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The Next Generation of Batteries Could Be Built by Viruses

In 2009, MIT bioengineering professor Angela Belcher traveled to the White House to demo a small battery for President Barack Obama, who was just two months into his first term in office. There aren’t many batteries that can get an audience with the leader of the free world, but this wasn’t your everyday power pouch. Belcher had used viruses to assemble a lithium-ion battery’s positive and negative electrodes, an engineering breakthrough that promised to reduce the toxicity of the battery manufacturing process and boost their performance. Obama was preparing to…

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Researchers Want to Link Your Genes and IncomeShould They?

The UK Biobank is the single largest public genetic repository in the world, with samples of the genetic blueprints of half a million Brits standing by for scientific study. But when David Hill, a statistical geneticist at the University of Edinburgh, went poring through that data, he wasn’t looking for a cure for cancer or deeper insights into the biology of aging. Nothing like that. He was trying to figure out why some people make more money than others. Along with a team of European collaborators, Hill sifted through the…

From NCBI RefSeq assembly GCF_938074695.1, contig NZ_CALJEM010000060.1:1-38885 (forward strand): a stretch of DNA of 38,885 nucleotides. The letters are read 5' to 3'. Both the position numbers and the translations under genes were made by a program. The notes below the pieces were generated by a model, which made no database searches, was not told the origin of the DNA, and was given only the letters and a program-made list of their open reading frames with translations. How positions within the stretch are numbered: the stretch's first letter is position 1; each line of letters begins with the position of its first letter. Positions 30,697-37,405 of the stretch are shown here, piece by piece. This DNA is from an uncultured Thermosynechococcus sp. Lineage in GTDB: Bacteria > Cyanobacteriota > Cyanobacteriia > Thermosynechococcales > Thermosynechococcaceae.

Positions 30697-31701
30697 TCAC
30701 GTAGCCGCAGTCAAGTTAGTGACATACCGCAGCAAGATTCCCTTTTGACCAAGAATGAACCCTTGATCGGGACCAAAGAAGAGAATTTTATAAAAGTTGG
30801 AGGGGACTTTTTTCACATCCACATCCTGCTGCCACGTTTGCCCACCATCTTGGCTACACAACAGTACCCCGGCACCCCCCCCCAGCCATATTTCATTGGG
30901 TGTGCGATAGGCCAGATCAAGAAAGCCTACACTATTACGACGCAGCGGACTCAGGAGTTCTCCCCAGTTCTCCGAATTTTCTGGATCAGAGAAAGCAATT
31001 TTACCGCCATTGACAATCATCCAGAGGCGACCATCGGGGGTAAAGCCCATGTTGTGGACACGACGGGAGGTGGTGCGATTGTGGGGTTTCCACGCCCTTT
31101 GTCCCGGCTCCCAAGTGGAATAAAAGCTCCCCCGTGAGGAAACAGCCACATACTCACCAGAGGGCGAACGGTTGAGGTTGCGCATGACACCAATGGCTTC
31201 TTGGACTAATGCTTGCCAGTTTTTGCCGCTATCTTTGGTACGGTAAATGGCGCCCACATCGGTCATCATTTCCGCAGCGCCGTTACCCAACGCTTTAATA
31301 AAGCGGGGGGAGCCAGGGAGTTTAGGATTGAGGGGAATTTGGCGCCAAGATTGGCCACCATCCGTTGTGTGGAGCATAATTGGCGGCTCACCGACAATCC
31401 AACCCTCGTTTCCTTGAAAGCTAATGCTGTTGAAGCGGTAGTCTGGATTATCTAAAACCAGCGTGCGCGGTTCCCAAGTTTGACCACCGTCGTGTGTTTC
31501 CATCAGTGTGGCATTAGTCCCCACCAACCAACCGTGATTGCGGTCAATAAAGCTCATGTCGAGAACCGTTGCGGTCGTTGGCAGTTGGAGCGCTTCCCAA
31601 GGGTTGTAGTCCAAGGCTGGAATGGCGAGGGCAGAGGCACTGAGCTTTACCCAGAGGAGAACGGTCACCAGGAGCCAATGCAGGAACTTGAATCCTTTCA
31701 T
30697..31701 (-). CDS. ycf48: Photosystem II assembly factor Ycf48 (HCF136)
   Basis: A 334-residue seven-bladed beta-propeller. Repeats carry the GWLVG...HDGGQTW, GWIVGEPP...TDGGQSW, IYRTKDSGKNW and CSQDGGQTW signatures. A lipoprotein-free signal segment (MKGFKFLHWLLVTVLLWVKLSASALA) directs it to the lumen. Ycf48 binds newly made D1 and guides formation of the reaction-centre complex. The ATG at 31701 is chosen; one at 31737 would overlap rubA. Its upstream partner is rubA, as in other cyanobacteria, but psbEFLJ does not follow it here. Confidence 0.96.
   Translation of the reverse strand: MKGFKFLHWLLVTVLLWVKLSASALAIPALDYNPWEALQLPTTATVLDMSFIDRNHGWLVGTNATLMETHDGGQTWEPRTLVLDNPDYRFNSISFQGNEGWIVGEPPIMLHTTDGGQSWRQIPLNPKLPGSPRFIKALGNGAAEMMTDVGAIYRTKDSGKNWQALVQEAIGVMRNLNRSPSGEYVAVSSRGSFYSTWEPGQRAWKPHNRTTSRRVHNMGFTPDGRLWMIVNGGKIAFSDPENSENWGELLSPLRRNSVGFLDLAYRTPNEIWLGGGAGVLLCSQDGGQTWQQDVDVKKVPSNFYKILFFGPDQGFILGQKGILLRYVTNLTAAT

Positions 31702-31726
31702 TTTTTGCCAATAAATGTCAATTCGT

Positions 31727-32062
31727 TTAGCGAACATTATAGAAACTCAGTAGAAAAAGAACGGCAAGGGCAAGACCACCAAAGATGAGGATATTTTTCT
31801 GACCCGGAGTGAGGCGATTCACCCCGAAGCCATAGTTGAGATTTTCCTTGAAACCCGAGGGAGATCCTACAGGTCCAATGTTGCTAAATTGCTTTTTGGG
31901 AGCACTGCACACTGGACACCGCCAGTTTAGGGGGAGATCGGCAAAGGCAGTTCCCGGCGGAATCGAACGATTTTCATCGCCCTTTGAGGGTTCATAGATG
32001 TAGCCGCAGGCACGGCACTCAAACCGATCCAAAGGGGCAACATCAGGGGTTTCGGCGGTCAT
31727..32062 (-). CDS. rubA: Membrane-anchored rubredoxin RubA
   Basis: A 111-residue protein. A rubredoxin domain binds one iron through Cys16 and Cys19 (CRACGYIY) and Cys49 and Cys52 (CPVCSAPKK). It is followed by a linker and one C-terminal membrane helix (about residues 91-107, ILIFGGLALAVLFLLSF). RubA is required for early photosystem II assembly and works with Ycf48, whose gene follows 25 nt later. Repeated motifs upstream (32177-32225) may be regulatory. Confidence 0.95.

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Finally! A DNA Computer That Can Actually Be Reprogrammed

DNA is supposed to rescue us from a computing rut. With advances using silicon petering out, DNA-based computers hold the promise of massive parallel computing architectures that are impossible today. But there’s a problem: The molecular circuits built so far have no flexibility at all. Today, using DNA to compute is “like having to build a new computer out of new hardware just to run a new piece of software,” says computer scientist David Doty. So Doty, a professor at the University of California, Davis, and his colleagues set out…

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